What is the connection between melanoma and brain metastases?Brain metastases occur when existing cancer cells grow to form one or more secondary tumors that invade the nervous system. While any cancer can spread to the brain, the likelihood is greater with some types of cancer, including melanoma, lung and breast cancer.
Melanoma is a type of skin cancer that can often spread to other parts of the body if not recognized and treated early. Melanoma accounts for approximately 10% of all brain metastasis cases, and nearly 30% of all patients with newly diagnosed metastatic melanoma will see their cancer spread to the brain.
The symptoms of brain metastases will vary depending on their location and may include headaches, neurologic deficits and seizures. Occasionally, the symptoms may occur suddenly, like with a stroke, due to bleeding from these tumors in the brain. Many patients, however, have no symptoms and so the metastases are found incidentally during routine brain imaging performed on patients who are at high risk to have their cancer spread, like those patients with melanoma.
Historically, the treatment of brain metastasis was restricted to surgery and radiation therapy. These were generally associated with poor outcomes. Now, more localized forms of radiation, called stereotactic radiosurgery, allow for targeting the metastasis while decreasing the risk of the long-term side effects associated with giving radiation to the entire brain. Systemic therapies, like chemotherapy, had a limited role in managing brain metastasis, as the nervous system is protected by the blood-brain barrier that limits access to the affected areas of the brain. Therefore, medications that work to treat primary cancers in the body may not work for brain metastases.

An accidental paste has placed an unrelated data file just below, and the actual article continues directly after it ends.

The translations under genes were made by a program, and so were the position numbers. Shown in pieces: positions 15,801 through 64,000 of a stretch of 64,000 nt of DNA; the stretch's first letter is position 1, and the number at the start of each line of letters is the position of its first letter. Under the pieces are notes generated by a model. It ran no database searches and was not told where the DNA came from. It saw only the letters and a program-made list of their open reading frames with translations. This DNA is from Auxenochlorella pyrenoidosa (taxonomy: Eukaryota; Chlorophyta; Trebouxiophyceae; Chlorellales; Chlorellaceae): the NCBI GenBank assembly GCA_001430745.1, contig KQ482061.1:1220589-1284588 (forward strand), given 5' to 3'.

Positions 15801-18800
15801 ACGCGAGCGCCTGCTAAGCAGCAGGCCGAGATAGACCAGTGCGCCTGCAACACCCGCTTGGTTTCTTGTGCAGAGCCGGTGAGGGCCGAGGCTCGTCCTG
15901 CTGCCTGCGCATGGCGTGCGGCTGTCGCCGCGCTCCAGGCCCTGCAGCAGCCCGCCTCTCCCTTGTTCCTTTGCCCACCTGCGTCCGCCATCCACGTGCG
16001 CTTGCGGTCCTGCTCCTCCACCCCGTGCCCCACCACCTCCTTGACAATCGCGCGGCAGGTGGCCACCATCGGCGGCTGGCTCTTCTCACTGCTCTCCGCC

In this new era of cancer treatment, use of immunotherapy that stimulates the immune system to recognize and attack cancer cells, combined with more targeted agents, are options that can treat whole-body cancer, as well as brain metastases. These new treatments are particularly effective for brain metastases from melanoma. As a result, patients are living longer and with better cancer control, though there are still many instances in which these treatments are not fully effective.
Several factors influence the outcomes of patients with melanoma and brain metastases. Given the complex decision-making involved in these cases, a team that provides coordinated and consistent care will best serve patients. At UVa Health, we have developed a multidisciplinary Brain Metastasis Program that brings together doctors from several specialties, experienced nurses and many supportive care professionals to develop personalized treatment plans for patients while providing clinical trials that offer access to new, potentially more effective treatment options.
For more information about brain metastases, visit uvahealth.com/services/brain-tumor-treatments/brain-metastases.